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Can a Nuclear Reactor Be Shut Down After it Starts?

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limitgov Posted: Sun, Apr 28 2013 8:11 PM

Or, once a nuclear reactor is started, cannot it not be shut down?

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http://latimesblogs.latimes.com/lanow/2013/03/san-onofre-mitsubishi.html

For what it's worth. I haven't done a great deal of research to find out if it's just partially decommissioned or what have you, but it's a place to start.

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Blargg replied on Sun, Apr 28 2013 8:20 PM

Fuel rods can be switched out, so they could just remove all of them and leave the core empty.

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Current generation reactors actually require electrical input to operate.

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Merlin replied on Mon, Apr 29 2013 1:13 AM

Any fission reactor, as far as I know, has a moderating element (such as graphite) designed to moderate its operation (the speed of the reaction). If the fuel rods are completely immersed in such a moderating material, the reaction will completely stop. With old reactors though, once you got to the point of overheating, there was nothing else you could do (but one would have to be pretty incompetent to let things go so far). Newer generation reactors, as Caley says, are passively safe, which means that they need energy to work and in an emergency will automatically shut down.  

The Regression theorem is a memetic equivalent of the Theory of Evolution. To say that the former precludes the free emergence of fiat currencies makes no more sense that to hold that the latter precludes the natural emergence of multicellular organisms.
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limitgov replied on Mon, Apr 29 2013 8:07 AM

"Newer generation reactors, as Caley says, are passively safe, which means that they need energy to work and in an emergency will automatically shut down. "

 

So, was Fukishima an older type?

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Bogart replied on Mon, Apr 29 2013 3:29 PM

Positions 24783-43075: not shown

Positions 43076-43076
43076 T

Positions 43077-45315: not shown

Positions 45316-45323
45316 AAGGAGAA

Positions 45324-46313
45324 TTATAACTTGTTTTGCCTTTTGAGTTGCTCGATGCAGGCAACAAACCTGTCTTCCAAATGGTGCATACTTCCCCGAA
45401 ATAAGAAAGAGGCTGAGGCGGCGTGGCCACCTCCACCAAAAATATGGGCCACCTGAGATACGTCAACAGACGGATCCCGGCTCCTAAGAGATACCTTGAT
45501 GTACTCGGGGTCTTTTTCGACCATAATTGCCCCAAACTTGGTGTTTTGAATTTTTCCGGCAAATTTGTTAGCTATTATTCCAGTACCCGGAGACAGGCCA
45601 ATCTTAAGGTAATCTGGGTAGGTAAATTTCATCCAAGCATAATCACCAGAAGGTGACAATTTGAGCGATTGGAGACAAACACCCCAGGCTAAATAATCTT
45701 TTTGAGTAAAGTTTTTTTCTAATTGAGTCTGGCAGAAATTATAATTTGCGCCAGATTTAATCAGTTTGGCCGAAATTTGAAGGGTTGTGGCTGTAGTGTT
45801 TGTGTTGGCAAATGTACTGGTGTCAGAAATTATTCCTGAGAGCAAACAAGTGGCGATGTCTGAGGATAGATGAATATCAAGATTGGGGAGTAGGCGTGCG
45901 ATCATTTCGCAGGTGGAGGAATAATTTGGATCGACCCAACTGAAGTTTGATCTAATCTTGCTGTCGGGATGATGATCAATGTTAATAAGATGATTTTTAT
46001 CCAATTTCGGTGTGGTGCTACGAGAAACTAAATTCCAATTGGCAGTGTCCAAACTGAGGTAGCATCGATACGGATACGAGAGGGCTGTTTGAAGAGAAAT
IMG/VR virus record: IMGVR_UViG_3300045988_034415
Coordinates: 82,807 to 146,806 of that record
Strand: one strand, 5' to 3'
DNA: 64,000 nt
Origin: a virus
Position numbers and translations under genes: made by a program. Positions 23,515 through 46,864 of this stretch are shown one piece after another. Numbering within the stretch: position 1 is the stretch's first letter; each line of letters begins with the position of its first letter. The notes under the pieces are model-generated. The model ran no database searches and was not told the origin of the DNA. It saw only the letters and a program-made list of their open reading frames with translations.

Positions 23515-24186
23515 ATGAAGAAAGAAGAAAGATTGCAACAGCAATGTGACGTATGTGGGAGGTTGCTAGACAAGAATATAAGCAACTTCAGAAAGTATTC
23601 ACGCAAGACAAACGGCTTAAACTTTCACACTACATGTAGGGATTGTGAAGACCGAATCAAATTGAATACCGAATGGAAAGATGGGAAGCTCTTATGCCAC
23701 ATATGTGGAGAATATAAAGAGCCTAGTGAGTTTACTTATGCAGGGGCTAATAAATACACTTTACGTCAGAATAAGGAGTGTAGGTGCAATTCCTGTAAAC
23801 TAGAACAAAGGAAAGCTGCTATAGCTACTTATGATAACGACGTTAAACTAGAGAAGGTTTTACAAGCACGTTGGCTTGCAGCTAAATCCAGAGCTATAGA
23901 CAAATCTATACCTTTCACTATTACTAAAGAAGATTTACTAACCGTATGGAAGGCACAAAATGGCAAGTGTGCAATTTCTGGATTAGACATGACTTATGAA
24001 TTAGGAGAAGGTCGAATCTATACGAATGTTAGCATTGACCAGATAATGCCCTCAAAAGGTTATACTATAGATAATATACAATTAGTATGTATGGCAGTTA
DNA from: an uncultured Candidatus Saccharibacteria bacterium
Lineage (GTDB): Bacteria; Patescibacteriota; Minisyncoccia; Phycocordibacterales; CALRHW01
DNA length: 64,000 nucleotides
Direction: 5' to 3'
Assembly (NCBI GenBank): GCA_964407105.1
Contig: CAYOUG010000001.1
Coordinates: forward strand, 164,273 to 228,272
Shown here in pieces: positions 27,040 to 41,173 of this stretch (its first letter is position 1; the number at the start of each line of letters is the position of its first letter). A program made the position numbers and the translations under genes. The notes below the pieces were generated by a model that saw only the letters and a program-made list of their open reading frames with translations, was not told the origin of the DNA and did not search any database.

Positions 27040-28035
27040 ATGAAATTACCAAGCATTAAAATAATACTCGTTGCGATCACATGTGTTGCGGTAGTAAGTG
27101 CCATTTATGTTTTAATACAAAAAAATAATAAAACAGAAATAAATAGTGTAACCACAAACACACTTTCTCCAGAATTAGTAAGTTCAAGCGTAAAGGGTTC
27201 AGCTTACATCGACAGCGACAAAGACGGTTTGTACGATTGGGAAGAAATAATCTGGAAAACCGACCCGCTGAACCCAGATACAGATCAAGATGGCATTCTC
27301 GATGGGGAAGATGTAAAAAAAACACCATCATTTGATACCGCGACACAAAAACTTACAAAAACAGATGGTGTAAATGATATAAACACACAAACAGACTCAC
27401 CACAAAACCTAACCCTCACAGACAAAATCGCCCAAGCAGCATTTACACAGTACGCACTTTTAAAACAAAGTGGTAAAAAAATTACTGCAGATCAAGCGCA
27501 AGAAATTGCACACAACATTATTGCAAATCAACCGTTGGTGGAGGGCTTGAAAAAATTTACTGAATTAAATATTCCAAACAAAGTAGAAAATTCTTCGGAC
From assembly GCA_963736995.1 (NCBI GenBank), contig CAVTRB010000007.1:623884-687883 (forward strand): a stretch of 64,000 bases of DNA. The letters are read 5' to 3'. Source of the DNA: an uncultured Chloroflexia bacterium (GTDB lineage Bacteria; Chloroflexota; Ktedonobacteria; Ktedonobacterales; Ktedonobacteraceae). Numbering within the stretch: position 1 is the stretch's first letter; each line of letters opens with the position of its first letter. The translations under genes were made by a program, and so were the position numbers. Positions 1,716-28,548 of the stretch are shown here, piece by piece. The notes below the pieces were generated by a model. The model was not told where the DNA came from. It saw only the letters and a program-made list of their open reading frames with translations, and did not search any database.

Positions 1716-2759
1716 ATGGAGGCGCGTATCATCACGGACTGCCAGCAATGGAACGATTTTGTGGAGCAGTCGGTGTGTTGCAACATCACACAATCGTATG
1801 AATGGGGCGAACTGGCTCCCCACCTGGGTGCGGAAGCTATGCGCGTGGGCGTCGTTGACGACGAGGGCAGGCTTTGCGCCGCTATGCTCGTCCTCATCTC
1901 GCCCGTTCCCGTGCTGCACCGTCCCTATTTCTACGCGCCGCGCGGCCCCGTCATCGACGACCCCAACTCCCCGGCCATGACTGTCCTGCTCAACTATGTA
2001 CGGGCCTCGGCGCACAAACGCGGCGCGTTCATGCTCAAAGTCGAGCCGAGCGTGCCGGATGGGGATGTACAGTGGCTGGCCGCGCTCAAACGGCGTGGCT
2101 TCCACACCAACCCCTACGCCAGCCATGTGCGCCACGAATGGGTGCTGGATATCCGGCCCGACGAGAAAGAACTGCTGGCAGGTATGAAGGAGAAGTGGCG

Define stop?  If you separate the fuel rods then the reaction stops.  But radioactive material from the reaction and in the fuel rods themselves will continue generate heat from radioactive decay.  This is what causes the melt in the meltdown.  That is the radioactive stuff in the fuel rods becomes so hot that it melts the rod containers themselves and falls on the floor of the reactor.  The radioactive debris then begins melting the bottom of the reactor floor.  This was the extent of the now infamous Three Mile Island nuclear mess (Not really a disaster).  Also note that not all of the radioactive material is solid and some will dissolve in water meaning a meltdown through the floor of the containment structure could release gas into the atomosphere or contaminate the water table with very hazardous radioactive materials and dangerous chemicals.

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Merlin replied on Tue, Apr 30 2013 2:02 AM

limitgov:

So, was Fukishima an older type?

As far as I know there are no new (fourth generation) operational reactors anywhere, though a few are scheduled. Every reactor now in use is of the older kind which will melt in extreme circumstances.

The Regression theorem is a memetic equivalent of the Theory of Evolution. To say that the former precludes the free emergence of fiat currencies makes no more sense that to hold that the latter precludes the natural emergence of multicellular organisms.
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